The United State Justice Department said a former transportation secretary, accepted a $50,000 cheque that he “understood at the time” came from Lebanese-Nigerian billionaire, one Gilbert Chagoury, but failed to disclosed it as required on two government ethics forms.
Wednesday that Ray LaHood, when he was US transportation secretary, accepted a $50,000 cheque that he “understood at the time” came from Lebanese-Nigerian billionaire Gilbert Chagoury, purposefully failed to disclose the “loan” as required on two government ethics forms, then
The department also said LaHood “made misleading statements to FBI agents investigating Chagoury about the check and its source”.
The Republican former congressman from Illinois, who served in former US President, Barack Obama’s cabinet from 2009 to 2013, initially denied receiving the loan in a 2017 interview with the FBI, according to a report by Politico.
But he acknowledged receiving the payment when agents showed him a copy of the cheque, theweek.com said.
Under a December 2019 non-prosecution agreement, it said the Justice Department disclosed on Wednesday that LaHood agreed to pay back the $50,000 he got in June 2012, pay a $40,000 fine and cooperate with the government’s investigation of Chagoury.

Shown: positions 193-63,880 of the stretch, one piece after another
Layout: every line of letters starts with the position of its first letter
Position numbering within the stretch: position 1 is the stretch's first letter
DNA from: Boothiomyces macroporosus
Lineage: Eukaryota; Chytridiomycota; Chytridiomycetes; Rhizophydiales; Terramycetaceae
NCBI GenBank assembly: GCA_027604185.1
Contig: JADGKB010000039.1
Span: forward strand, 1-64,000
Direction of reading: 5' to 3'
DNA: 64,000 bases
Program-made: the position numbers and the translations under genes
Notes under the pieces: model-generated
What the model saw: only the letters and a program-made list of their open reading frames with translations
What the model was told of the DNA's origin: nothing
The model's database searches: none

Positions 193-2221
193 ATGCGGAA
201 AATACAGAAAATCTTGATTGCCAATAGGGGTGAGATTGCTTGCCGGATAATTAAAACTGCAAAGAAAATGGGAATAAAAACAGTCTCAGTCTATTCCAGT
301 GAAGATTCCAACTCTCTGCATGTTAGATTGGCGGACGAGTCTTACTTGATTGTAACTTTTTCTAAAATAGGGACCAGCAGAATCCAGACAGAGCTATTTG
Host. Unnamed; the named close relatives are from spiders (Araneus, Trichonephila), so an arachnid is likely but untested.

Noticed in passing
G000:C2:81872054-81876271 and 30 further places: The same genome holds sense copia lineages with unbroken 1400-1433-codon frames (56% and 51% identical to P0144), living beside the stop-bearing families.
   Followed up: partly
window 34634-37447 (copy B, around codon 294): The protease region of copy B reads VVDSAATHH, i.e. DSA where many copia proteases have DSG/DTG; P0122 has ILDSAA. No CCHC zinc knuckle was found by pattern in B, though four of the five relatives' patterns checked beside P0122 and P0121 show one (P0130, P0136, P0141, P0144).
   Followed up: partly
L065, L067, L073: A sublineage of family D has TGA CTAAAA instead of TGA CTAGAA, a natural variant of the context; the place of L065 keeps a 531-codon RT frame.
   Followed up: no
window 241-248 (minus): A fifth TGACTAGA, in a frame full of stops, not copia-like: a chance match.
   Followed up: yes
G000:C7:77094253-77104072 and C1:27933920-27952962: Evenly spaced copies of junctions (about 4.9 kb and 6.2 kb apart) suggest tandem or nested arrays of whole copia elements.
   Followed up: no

On Thursday, it quoted the department as saying the Lebanese-Nigerian billionaire had agreed to pay $1.8m to avoid prosecution over $180,000 in illegal campaign contributions he channelled to US politicians through one Toufic Baaklini, an associate in Virginia.
It further quoted the Politico as saying Chagoury gained notoriety for donating to the Clinton Foundation, though all the payments though Baaklini appeared to have gone to Republicans, including $100,000 to Senator Mitt Romney’s 2012 presidential campaign, Politico reports.
It said Baaklini wrote the personal cheque to LaHood, though the Justice Department said it was a “separate and unrelated matter” from the campaign finance violations.
It also reported that in 2015, Baaklini chipped in $2,700 to the campaign of LaHood’s son, Darin, who now holds his father’s old seat in the US Congress.